Born 1979 in West Berlin,lived my life without Sports to the day everything changed. Near my 29th birthday, this time i lived in Spain, i decided to change something radical. Went back to good old Germany (South-West / Pfälzerwald), i met my wife and my son and settled down.
Bought my first Mountainbike (26)….. yes thats it. The Nature, the Speed and the Sport of course the Adrenaline. My first Marathon (Wasgau/Lemberg) in 2009, it rained the hole way but it was great. The Situation was clear, Marathon, thats my thing.+++BREAKING NEWS+++APRIL 2012+++BOUGHT A SIMPLON RAZERBLADE 29+++BREAKING NEWS++++ Trying to be on all local Events and since last year also the interesting ones farer away.
P.S. by Christian: I really need to find out how to put all the members above in one category, since the header gets fuller in fuller the more the team grows (which is great). As soon as I found out I will add you there Mathias…
I’m just back from the Maibike Marathon in Karlsruhe. Good day out there, perfect weather, some mud, great trails and cool people. A lot of guys from the Singlesspeed-/Schlaflos-im-Sattel-family were at the start, so a bit it felt like coming home after the winter. We declared the whole thing the IBSSMM, Internationale Badische Singlespeed Marathon Meisterschaft but when we sat together with our finisher beers we somehow fogot to discuss who should take the title. Guess we’re all second.
Last weekend I went to the Schwäbische Alb to do the 55-km Marathon in Veringendorf together with my buddy Michael from Stuttgart. It was supposed to be his first race ever. The Marathon there has quite a good distance to start with. Not only for racing in general but also for a new season after a long winter. After thinking about it for a long time I decided to take the shifted bike, which should allow me to ride together with Michael. It turned out to be a good decision due to the circumstances.
The night before it had rained quite a lot and it only stopped close to the start. In combination with the loamy ground (German “lehmig”, I’m not sure about this in English – you get it guys?) this was to cost me more than 30 minutes compared to my race time last year. At one point I had to stop and clear the tires because my front wheel refused to turn while pushing the bike over a grass passage. However, apart from all the mud my race was really allright. I found quite a good pace in the beginning and was able to keep it to the finish after around 3:15 hours. Really a fun day – it felt so good to have a number plate on the bike again and I am really happy that I did and finished the race despite the conditions.
Kopf hoch, Arsch in den Sattel,
This past Sunday, the 21st of April I did some scouting for this year’s Grenzsteintrophy selfsupported race. The route has been revised and refined since 2011; with the goal of making it a bit more rideable and enjoyable. If that’s at all possible for a multi-day self-supported race. Up until 2011 the followed almost 100% of the old patrol roads from the East German border guards. They consist of cement slabs that are about 10 feet long and 3 to 4 feet wide, have four rows of slots that are 8 inches long and 2.8 wide. This means you have a path that is littered with pot holes, kind of like a wash boarded road. So the idea behind the re-route was to eliminate most of the worse sections of the “Plattenweg” as they’re called in German. There is still quite a bit though because they are part of the experience.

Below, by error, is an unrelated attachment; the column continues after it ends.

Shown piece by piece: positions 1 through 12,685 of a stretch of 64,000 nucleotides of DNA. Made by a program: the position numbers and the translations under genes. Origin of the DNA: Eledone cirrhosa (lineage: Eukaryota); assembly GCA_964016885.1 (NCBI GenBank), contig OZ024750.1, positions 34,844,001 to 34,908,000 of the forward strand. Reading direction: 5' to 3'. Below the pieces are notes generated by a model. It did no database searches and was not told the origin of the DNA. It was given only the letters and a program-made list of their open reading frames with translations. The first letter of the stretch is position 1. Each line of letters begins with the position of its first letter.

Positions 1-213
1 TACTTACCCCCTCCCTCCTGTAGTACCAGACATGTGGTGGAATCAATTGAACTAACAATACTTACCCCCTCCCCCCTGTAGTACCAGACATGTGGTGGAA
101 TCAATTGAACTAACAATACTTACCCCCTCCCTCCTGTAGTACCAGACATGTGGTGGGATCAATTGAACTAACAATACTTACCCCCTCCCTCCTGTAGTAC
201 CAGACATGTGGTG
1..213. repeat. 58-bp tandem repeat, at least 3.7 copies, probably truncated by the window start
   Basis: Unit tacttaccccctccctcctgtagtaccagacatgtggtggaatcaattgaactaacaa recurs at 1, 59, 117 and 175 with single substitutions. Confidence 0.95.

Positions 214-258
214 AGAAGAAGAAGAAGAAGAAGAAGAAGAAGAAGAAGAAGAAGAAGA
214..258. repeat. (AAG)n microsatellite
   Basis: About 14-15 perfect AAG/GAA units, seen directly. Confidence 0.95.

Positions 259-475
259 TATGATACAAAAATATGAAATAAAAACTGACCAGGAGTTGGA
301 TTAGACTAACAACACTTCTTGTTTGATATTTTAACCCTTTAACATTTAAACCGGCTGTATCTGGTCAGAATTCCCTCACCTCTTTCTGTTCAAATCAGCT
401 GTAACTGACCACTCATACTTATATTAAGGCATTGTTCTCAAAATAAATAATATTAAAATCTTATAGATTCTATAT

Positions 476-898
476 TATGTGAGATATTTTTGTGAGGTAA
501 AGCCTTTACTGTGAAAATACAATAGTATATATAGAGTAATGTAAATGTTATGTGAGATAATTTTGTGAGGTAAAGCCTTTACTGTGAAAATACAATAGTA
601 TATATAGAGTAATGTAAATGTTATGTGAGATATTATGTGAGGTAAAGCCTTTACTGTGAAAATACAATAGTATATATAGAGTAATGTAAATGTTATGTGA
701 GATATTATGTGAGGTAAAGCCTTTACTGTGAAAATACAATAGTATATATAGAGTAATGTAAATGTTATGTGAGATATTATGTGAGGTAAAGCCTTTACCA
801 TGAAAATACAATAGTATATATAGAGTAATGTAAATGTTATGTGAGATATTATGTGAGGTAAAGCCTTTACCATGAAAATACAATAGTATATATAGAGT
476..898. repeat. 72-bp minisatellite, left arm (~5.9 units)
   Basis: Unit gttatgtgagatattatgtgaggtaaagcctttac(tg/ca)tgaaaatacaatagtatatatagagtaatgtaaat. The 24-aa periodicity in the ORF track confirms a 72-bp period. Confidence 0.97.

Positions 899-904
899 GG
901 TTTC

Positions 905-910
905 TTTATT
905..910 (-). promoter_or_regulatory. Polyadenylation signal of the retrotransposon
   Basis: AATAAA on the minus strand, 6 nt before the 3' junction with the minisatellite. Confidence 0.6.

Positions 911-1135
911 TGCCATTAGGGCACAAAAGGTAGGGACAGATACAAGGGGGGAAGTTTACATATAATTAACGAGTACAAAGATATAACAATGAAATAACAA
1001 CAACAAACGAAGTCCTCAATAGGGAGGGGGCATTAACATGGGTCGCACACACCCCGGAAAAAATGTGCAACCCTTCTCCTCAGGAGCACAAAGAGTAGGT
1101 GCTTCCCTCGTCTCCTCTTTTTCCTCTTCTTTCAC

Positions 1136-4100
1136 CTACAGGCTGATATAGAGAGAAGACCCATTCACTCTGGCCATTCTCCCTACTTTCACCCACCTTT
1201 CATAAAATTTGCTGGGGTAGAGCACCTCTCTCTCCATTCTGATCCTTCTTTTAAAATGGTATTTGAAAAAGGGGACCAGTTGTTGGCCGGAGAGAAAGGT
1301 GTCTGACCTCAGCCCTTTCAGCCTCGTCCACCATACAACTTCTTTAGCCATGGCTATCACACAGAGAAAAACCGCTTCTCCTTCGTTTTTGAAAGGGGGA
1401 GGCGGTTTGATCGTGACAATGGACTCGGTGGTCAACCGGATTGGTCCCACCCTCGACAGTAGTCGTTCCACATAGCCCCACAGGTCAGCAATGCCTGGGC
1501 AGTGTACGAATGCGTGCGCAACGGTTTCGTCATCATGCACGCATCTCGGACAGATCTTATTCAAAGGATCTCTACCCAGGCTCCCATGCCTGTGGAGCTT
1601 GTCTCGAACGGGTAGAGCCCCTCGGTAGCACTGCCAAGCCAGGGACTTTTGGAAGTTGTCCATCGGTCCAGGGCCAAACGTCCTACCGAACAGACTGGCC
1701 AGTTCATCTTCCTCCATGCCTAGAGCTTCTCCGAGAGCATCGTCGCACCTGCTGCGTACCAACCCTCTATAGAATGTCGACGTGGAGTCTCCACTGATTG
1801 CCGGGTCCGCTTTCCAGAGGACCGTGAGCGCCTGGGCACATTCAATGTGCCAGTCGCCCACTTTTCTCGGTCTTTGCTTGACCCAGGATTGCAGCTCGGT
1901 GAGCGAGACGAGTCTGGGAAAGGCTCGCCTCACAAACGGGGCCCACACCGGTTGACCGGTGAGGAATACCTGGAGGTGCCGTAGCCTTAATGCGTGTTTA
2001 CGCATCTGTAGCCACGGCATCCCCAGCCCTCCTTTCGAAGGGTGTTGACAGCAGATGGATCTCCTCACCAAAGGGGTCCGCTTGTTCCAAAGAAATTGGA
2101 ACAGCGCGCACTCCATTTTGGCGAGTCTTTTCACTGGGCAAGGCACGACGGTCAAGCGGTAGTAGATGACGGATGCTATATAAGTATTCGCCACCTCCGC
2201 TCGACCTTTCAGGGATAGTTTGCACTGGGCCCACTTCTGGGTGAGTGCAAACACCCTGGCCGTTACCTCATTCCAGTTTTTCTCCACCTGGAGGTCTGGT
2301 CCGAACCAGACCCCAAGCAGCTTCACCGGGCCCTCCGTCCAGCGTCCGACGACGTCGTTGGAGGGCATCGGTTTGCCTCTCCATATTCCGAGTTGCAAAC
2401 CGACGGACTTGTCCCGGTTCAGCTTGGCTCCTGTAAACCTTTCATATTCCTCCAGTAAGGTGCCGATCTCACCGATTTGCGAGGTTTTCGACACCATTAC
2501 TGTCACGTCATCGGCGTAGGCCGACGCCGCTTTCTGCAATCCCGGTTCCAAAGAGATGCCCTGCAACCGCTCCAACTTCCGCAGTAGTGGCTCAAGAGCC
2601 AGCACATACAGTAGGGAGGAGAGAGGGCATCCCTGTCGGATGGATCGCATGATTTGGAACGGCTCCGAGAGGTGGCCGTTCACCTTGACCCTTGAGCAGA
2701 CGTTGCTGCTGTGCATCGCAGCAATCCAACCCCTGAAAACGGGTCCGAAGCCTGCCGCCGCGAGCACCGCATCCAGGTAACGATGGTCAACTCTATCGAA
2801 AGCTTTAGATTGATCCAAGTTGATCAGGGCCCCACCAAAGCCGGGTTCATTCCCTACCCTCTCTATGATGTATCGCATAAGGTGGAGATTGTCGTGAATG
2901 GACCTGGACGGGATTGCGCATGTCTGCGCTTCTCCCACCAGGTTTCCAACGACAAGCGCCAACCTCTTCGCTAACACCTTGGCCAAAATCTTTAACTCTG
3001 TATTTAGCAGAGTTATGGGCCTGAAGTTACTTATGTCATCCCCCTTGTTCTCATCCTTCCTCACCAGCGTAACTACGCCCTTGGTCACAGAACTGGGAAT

I parked the car at 835 meters; this meant that I’d have to climb back up later in the day. Scouting an area for rideable dirt and gravel roads sounds easy but it’s not. I went down three dead ends before I found a good dirt road that didn’t end in nirvana. The morning temps were a bit cool but I had enough warm clothes to wear. The gradually warmed up and I shed layers as the day progressed.
One of the places I was suppose to take my track through was the Statue Park outside of the little town of Eussenhausen. Interesting memorial.
Then I found some single track, barely rideable with a fully loaded bike. That will keep the other GST’ers on their toes!
I fineally ended my days scouting in the Bavarian town of Melchstadt. Then I had to ride back to the car, only 30 km but a 400 meter climb at the end. It wasn’t too bad though, I had my mtb with gears. On a fully loaded singlespeed it would have been a pusher.
Stats for the day; 100 km, 1600 vert. meters.
A great day to out riding. More to follow.
Für Christian und mich war heute der Auftakt 2013 mit dem München City Marathon.
60 bzw. 80 km / zusammen gestartet / zusammen angekommen.
Die Strecke besteht nur aus einem kurzen Teilstück in der Stadt, danach geht es an die Isar und in einer Schleife um die Alianzarena wieder zurück zum Olympiastadium. Von Michael gibt es ja schon ein paar Bilder von den letzten Jahren, für uns wars das erste mal.
Bilder werden erst in den nächsten Tagen bereitgestellt, ebenso die Ergebnisse.
More to come….
Ausilia and Sebastiano did it! After 22 days, 7 minutes and 1.000 miles through Alaska they reached the finish line of the Iditarod Trail Invitational in Nome. Congratulatione from the team – you two are simply amazing!
And then here I am back to riding with Cafe Egal in Berlin. Chris, here in the front, has a sweet little cafe/bike shop with a name that roughly translates into Cafe “Who Gives a Shit.” Anyways, the Sunday group rides have started back up again now that I am back after Greek training camp, which will lead up to racing the Berlin Velothon in June with Cafe Egal.